Unmasking the Bourgeoisie

Ideal Life v.s "Real" Life

A Love Story




Real Life


Cruikshank, George. The Bottle, 1847 (Perrot, 78)
 The Bourgeois females wanted to fall in love, marry young, and have a lot of children; after all, they spent a good part of their childhood learning how to tend house, converse with their husband, and talk to their servants. But once a female finds her love, becomes married,and once she begins having children she might find that how she is raised to be is not who she wants to be. It is fun to talk and dream about true love and the future, but the future does not always turn out the way the teacher of the Institution of Marriage says it will. Behind the closed doors of her new home she may find herself coming in second place to her husband's mistress, beaten, or alone without the law on her side.

 For the men, they start off wanting to find a woman who does as she is told and holds a great amount of respect for her future husband. The men want to find beauty in their future wife because beauty can be worth more than the dowry he could receive from her family, and he wants to have children who will carry on his name with pride. What he might not think about is whether his true love can fully satisfy him and treat him the way he expects to be treated, if he is the first to be with his love, or what happens when the love dies down.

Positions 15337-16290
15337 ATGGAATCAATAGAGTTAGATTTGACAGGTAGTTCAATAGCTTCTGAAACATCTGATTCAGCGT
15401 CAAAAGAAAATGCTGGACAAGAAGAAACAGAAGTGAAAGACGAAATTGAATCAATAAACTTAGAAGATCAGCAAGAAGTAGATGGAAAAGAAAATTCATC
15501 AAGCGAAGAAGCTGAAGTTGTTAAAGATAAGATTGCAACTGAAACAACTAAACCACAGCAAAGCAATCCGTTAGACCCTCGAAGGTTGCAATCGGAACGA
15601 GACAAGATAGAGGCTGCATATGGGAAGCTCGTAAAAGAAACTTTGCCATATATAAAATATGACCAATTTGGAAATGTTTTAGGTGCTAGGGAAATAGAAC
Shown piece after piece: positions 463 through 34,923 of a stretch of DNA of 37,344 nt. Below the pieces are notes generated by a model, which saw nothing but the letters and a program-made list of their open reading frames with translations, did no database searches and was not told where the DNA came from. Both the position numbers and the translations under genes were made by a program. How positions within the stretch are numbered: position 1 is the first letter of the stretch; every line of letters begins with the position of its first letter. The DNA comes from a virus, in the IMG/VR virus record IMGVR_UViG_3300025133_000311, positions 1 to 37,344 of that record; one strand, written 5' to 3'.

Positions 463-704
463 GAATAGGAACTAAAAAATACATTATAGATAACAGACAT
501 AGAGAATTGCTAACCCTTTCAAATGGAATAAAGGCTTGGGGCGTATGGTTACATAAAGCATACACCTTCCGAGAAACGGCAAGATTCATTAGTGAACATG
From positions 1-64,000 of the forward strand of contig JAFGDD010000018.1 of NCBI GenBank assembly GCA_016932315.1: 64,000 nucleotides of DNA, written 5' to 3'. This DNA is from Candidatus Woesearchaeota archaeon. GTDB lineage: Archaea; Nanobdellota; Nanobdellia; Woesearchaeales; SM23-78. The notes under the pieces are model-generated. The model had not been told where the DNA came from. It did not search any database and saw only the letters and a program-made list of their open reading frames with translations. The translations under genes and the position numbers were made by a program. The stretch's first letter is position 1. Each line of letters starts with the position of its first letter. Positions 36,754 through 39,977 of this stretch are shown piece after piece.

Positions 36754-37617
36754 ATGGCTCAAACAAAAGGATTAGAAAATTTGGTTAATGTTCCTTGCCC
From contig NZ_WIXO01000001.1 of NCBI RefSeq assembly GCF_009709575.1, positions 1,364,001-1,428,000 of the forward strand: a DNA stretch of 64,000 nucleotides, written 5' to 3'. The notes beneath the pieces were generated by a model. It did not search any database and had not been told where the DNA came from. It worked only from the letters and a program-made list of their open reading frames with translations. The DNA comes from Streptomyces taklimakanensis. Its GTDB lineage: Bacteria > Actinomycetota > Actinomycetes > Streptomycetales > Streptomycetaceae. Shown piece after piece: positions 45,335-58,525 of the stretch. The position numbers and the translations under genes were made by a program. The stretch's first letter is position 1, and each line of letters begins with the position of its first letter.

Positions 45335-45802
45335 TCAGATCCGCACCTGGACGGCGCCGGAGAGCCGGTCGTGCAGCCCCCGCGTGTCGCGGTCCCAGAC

Cruikshank, George. The Bottle, 1847 (Perrot 79)

Victor Hugo, in his novel Les Miserables, shows how a family can appear to have a deep sense of love and loyalty towards one another when, in truth, the family is divided into parts. Within these parts are where loyalty can be found, as well as despair.